Milhaud's opera, one of his trio of Opéras-minutes and only 8 minutes long, was perhaps the best suited to the theme and set, as the work's singers, appearing as gallery attendees admiring the set's immense canvas featuring a Baselitz-style image, slid from their silent appreciation to a recounting of the musical work's events. Milhaud's lush but tiny score was over before it began, with a dead body as its exclamation point. Toch's literal retelling of the story "The Princess and the Pea," and its dramatic and musical whimsy, transposed onto a reality-show frame, was aesthetically out of joint with everything else. The set, which now included a giant bed atop whose back the prince initially perched, before it turned around to reveal a Himalayan pile of mattresses on which the putative prince capered, wracked my nerves; instead of focusing on Toch's cheery melodies, I found myself praying no one fell from that precarious aerie. The opera company might moreover have done more to explore the deeper idea in the fairytale and in Toch's work, of the beloved needing to possess a particular kind of purity, especially given Toch's background and the looming consequences of racialization in subsequent decades.
After a short break, Hindemith's 12-minute "Sketch mit Musik," as he described it, unfolded in thrilling fashion. Very much redolent of silent movies--then current--and Expressionist works in all genres--visual art, literature, music--Hin und zurück tells the story of a woman who decides to have breakfast with her grandmother when her husband arrives home with with a gift for her birthday. She also receives a letter from her lover, which the husband sees, and he ends up shooting her before jumping out of the window. In 6 minutes! This being an avant-garde work, an angel-like figure appears, sings that nothing matters, and rewinds the entire story, not just dramatically--which means that the wife, her husband, and granny all move backwards--but musically, as a palindrome. It was over almost as soon as it began, but it made me wonder whether it influenced some of the internal musical mirroring in works by Hindemith's peers, including Bela Bartók and Alban Berg, who has palindromes in both his "Chamber Concerto" and his final, unfinished opera Lulu.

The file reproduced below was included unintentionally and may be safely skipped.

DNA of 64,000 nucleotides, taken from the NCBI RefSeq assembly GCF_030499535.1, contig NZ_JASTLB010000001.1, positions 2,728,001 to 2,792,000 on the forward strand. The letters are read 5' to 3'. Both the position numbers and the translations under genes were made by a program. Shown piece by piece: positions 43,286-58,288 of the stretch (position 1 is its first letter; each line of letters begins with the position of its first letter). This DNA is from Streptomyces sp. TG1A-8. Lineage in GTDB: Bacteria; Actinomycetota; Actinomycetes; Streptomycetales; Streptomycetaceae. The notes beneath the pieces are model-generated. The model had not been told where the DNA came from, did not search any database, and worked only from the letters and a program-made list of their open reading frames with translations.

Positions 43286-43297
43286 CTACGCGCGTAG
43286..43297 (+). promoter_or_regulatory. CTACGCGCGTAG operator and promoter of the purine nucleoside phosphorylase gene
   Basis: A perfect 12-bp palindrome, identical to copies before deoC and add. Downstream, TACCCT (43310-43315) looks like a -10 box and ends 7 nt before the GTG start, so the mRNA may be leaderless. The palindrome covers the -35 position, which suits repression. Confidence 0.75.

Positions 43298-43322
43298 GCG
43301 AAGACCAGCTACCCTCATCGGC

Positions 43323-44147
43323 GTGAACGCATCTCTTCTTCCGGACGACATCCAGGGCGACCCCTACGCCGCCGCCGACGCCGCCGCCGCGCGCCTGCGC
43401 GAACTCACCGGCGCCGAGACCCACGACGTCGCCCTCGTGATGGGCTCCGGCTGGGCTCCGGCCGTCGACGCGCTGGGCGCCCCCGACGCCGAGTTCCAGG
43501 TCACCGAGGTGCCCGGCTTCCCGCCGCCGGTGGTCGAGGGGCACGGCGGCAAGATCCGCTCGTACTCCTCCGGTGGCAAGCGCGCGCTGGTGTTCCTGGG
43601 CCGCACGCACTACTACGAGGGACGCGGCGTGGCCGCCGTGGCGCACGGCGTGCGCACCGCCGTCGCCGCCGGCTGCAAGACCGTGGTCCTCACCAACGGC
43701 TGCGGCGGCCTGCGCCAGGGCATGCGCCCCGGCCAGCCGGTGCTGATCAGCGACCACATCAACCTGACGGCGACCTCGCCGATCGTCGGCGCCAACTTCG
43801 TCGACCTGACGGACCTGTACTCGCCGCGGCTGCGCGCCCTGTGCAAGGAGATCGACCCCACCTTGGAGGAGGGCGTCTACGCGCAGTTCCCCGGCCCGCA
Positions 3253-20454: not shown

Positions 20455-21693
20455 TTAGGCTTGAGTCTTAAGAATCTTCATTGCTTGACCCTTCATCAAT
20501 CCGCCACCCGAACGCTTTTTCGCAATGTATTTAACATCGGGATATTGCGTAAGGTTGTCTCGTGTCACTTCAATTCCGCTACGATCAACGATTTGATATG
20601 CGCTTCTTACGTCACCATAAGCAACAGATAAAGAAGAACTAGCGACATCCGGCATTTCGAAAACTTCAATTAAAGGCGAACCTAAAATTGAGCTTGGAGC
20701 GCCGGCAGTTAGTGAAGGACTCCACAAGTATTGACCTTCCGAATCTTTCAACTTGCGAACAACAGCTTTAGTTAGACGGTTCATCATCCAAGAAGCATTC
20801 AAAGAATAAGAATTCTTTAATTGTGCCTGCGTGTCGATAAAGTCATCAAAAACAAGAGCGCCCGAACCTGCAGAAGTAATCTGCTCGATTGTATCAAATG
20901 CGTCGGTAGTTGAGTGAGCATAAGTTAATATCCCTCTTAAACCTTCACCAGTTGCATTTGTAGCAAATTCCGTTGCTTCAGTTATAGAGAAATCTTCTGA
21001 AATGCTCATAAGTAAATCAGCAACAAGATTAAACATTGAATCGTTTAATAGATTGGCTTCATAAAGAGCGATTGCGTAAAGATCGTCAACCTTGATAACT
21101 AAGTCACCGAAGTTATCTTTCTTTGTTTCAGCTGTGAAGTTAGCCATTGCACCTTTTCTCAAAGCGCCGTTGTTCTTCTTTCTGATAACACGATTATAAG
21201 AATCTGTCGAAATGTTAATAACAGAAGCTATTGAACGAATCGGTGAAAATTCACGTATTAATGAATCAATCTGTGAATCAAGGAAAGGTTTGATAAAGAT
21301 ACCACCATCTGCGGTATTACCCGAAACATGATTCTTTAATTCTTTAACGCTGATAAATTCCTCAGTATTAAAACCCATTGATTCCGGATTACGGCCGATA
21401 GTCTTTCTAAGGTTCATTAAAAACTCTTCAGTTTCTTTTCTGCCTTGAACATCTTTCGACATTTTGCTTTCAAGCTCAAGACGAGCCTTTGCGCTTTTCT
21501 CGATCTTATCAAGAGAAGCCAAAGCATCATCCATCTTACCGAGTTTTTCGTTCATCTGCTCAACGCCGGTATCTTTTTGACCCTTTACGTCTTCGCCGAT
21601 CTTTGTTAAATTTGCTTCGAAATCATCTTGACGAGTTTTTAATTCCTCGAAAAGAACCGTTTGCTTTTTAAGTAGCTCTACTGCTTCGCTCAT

From Die Prinzessin auf der Erbse
(Photo by Richard Termine)

My main reason for attending the concert, though, was to hear Kurt Weill's music performed live. I had never heard anything by him in a live setting, so the six Mahagonny-Songspiel songs, several of which I knew pretty well, were a revelation, chief among them Elisabeth Hauptmann's English-language parodies the "Alabama Song" and the "Benares Song." The singers, especially the famous soprano Helen Donath, served up the perfect mixture of beauty and yearning as she crooned, "Oh moon, of Alabama…." The staging, however, did neither the songs nor the concept behind them, no credit. The cast performed one of them on treadmills (?), and as with Toch's opera, I found myself focusing more on their personal safety than on what they were singing. The Mahagonny songs' commentary on the underside of jazz age prosperity--dissolution, poverty, homelessness, the desire for escape with no place, not even Mahagonny, offering anything but illusion--lacked its reflection in the set, not least when a performer wandered around in his underwear (huh?), though the performers did their best to bring the songs to life. The staging was, unfortunately, a lost opportunity. For a very affordable price on a fall evening, though, the opportunity to see four live early 20th century operas, whatever their failings, was an excellent deal.

The cast, with the conductor